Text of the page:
To sum up, Cache pipeline prefetching brings two benefits.

  • Reducing Cache Query Overhead

The most obvious benefit of prefetching is reducing cache operation’s Step 1 and Step 2 overhead, so that this two-step operation accounts for less than 5% of the total training process. As shown in Fig. [Time Decomposition of Cache Operations], by pre-fetching 8 mini-batches of data, the overhead of cache queries is significantly reduced compared to the baseline.

  • Increasing CPU-GPU Data Movement Bandwidth

By concentrating more data and improving the granularity of data transmission, the CPU-GPU transmission bandwidth can be fully utilized. For the example above, the CUDA→CPU bandwidth is increased from 860MB/s to 1477MB/s, and the CPU→CUDA bandwidth is increased from 1257MB/s to 2415MB/s, almost double the performance gain.

Easy To Use

Our CachedEmbeddingBag is consistent with the basic usage of the PyTorch EmbeddingBag. When building a recommendation model, only a few lines of code can significantly increase the capacity of the embedding table and complete TB super-large recommendation model training at a low cost.

from colossalai.nn.parallel.layers.cache_embedding import CachedEmbeddingBag 

# emb_module = torch.nn.EmbeddingBag(
emb_module = CachedEmbeddingBag(
cache_ratio = 0.01,

Performance Benchmarking

The testbed is a GPU cluster with 8x NVIDIA A100 GPU (80GB) and AMD EPYC 7543 32-Core Processor (512GB) CPU. Colossal-AI also uses Meta’s DLRM model implementation, and evaluates on a Cretio 1TB dataset, as well as a synthetic dataset. The PyTorch training with the entire embedding table on the GPU is used as the baseline in the experiments. ###

Cretio 1TB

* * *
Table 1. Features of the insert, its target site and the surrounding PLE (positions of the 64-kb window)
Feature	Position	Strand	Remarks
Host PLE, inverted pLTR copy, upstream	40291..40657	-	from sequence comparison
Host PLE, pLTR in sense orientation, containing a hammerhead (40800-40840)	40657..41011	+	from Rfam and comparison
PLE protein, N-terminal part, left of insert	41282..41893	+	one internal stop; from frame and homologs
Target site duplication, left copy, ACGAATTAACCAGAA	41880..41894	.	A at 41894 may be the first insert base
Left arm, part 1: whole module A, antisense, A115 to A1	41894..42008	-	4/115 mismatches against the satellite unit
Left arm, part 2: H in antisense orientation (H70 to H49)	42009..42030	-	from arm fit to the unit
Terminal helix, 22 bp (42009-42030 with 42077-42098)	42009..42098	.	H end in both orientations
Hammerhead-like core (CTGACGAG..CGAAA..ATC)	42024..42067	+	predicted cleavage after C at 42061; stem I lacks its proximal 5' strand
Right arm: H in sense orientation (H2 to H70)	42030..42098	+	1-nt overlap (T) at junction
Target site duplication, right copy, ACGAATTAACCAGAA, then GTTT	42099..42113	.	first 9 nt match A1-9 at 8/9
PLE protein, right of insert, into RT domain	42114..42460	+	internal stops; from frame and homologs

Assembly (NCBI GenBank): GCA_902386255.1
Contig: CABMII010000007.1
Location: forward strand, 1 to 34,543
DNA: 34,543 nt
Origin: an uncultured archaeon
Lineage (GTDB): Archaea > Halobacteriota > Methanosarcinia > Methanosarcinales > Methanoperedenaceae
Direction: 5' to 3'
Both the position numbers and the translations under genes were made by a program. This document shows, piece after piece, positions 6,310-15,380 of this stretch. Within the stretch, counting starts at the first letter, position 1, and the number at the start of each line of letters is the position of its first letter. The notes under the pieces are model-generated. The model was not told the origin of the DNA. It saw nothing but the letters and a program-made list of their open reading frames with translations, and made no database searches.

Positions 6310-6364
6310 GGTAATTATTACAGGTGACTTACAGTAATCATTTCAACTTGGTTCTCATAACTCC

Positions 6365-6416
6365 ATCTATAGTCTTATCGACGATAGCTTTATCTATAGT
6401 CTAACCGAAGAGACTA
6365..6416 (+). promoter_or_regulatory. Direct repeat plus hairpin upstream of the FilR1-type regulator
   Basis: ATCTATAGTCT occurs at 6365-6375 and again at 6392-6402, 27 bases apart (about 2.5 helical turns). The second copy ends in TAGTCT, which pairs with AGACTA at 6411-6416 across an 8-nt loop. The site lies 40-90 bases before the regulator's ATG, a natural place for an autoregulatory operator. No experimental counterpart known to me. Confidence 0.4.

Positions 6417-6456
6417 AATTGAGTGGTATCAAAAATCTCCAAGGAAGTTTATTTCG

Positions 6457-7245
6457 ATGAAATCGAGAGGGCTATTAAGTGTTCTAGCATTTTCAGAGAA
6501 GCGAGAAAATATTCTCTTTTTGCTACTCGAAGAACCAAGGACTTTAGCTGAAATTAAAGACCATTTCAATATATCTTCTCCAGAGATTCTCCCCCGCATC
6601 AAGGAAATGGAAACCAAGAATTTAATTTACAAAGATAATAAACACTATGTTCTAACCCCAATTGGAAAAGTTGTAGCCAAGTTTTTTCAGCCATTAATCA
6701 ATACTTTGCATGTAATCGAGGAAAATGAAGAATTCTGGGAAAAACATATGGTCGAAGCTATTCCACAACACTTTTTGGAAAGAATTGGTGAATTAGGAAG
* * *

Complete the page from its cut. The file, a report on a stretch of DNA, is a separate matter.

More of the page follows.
Cretio 1TB embedding table has 177,944,275 records, and its memory allocation takes up 91.10GB, with embedding dim equal to 128. To accommodate EmbeddingBags on one single GPU is impossible, even with top-end NVIDIA A100 with 80GB GPU memory.

Hopefully, Colossal-AI will make it possible to accomplish the training task on one GPU, with memory consumption dropping to 5.01 GB (lowering approx. 18 times), and show the possibility of training super large (terabyte-level) recommendation system models on just one GPU. In terms of training speed, the following figure shows the latency of training 100M samples with different batch sizes. Prefetch1 (shown in dark green) is the latency without pre-fetching, and Prefetch8 (shown in blue) is the latency with prefetching (prefetch mini-batch=8). This shows that prefetch flow optimization plays an important role in overall performance improvement. Each bar colored with darker colors in the figure is part of the Cache overhead, being controlled within 15% of the total training time after pre-fetching.

Scalability for Multiple GPUs

In our experiment, DLRM is trained with 100M samples on 8 GPUs, using table-wise sharding as EmbeddingBags in a parallel manner (global batch size = 8192, prefetch size = 4). The following figure shows the training latency for cases with a different number of GPUs. ColossalAI-cr-0.05 in the figures indicates the cache ratio is 0.05, while Colossal-cr-0.5 is 0.5.

The PyTorch and Colossal-AI training times are mostly similar, but PyTorch encounters OOM issues when training on 1 GPU. It can be observed that adding GPUs (increasing to 4 or 8) does not bring significant performance benefits as synchronizing results requires huge communication overhead and table-wise sharding, leading to an unbalanced slice load. In other words, using multiple GPUs to scale embedding table training does not have significant advantages.